2. Bill Young, 2009-12: An OSU graduate, Young was a college football lifer. He served as defensive coordinator at Tulsa, Ohio State, OU, Southern Cal, Kansas (on KU’s 2007 Orange Bowl team), Miami and OSU. That’s a heck of a career. Young’s 2011 defense was first-rate, and the Cowboys won the Big 12. Gundy fired Young after the 2012 season, ostensibly for recruiting purposes.
3. Glenn Spencer, 2013-17: Gundy promoted Spencer and it worked well. The Cowboys had the Big 12’s best defense in 2013, and his next four OSU defenses ranked seventh, sixth, fourth and fourth in Big 12 defensive efficiency. Not bad. But Gundy fired Spencer to bring in Knowles.
4. Tim Beckman, 2007-08: Beckman’s defenses were middle-of-the-road in the Big 12, in the days when Big 12 quarterbacking was at its zenith – Sam Bradford, Colt McCoy, Chase Daniel, Graham Harrel, Zac Robinson, Todd Reesing, Josh Freeman. Beckman left to become head coach at Toledo, which catapulted him to the Illinois job.
5. Vance Bedford, 2005-06: Bedford had coached with Gundy on Pat Jones’ OSU staffs of 1993-94. When hired by Gundy, Bedford had spent six years as the Chicago Bears defensive back coach. But his two years back in Stillwater did not go well. Bedford referred to some OSU fans as “cockroaches” and was fired after the 2006 season.
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Explaining the transfer portal
The NCAA’s transfer portal has such a mysterious name. It sounds like something out of Star Trek. Like the transporter.
Dr Pepper’s Fansville played on that imagery, with the beloved “Rico” entering the portal, an ivy-covered, brick arch that goes all psychedelic when Rico jumps through.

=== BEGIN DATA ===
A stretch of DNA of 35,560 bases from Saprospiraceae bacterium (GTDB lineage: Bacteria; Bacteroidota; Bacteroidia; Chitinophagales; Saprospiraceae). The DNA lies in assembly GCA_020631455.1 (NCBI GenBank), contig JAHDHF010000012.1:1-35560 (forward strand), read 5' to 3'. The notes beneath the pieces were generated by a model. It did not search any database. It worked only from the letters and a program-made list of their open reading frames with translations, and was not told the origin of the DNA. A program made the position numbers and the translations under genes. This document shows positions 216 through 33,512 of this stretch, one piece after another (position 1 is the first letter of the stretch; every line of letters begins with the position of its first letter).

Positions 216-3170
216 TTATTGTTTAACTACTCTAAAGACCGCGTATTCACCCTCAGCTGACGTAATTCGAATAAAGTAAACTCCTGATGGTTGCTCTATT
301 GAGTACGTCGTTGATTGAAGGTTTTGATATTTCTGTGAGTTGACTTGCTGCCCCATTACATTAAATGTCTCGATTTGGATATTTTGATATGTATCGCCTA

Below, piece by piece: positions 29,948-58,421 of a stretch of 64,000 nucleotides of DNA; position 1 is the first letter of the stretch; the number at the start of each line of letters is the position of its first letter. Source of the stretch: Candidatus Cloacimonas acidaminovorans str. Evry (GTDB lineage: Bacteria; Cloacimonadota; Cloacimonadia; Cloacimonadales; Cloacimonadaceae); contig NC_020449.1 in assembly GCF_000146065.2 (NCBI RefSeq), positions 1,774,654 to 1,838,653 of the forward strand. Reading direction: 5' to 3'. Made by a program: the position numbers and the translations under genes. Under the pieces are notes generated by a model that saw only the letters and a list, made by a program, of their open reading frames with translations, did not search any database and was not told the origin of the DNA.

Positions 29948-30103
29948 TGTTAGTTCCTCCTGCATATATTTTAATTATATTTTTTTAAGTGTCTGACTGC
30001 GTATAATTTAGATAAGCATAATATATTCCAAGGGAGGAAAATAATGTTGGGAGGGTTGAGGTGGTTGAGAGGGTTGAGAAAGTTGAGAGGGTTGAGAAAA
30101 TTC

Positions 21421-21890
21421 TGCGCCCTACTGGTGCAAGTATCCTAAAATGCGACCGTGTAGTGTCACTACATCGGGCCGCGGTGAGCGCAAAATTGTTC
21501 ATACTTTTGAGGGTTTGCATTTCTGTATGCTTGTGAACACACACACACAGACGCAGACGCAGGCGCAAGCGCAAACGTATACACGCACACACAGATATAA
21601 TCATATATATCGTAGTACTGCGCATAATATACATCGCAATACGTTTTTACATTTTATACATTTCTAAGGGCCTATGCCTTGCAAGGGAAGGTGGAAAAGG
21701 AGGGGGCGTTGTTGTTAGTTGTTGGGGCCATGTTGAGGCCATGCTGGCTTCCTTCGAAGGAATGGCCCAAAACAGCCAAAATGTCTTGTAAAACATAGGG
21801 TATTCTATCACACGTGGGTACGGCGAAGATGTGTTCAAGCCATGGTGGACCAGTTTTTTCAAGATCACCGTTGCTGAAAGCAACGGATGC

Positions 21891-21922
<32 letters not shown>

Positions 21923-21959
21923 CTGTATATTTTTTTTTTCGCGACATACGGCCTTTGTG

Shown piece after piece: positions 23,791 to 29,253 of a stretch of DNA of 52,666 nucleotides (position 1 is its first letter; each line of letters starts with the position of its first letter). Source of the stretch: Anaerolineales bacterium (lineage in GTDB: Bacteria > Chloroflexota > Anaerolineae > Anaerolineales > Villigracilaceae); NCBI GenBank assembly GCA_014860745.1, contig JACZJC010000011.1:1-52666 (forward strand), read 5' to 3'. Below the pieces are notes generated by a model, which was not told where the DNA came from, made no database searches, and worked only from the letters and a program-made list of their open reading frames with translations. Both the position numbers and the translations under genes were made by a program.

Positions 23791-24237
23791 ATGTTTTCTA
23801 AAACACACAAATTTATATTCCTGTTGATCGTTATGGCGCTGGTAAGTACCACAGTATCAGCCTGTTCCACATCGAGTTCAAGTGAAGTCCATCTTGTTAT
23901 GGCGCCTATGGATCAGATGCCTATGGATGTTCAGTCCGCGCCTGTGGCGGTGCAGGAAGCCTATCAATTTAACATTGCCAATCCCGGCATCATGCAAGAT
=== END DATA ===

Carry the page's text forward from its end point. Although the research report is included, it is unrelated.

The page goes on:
And with college football and college basketball players taking that same jump by the thousands, the portal remains a mystical organism to the average fan. Especially now in Oklahoma, since OU quarterback Caleb Williams has entered the portal.
But a reader called Thursday and asked a simple question. What exactly is the portal? How does it work?
Alas, it’s not nearly as exotic as Star Trek or that Fansville garden.
The NCAA transfer portal at its core is a database. A simple list of athletes who either want to transfer or are considering transferring.
Here are a few things to know about the portal:
What it is: The portal was created in October 2018, essentially as a clearinghouse for transfers. It’s a list of athletes, for all sports, considering transferring, with contact information, if the athlete desires.
How it works: Athletes ask the compliance administrator at their school to put their name in the portal (on the list), and the school has two business days to publicize the information. Most players publicize the information themselves, via social media, and most schools have coaches or administrators dedicated to checking the portal, to see if any potential recruit is on the list.
Why it was created: According to the NCAA, the portal is a “compliance tool to systematically manage the transfer process from start to finish, add more transparency to the process among schools and empower student-athletes to make known their desire to consider other programs.”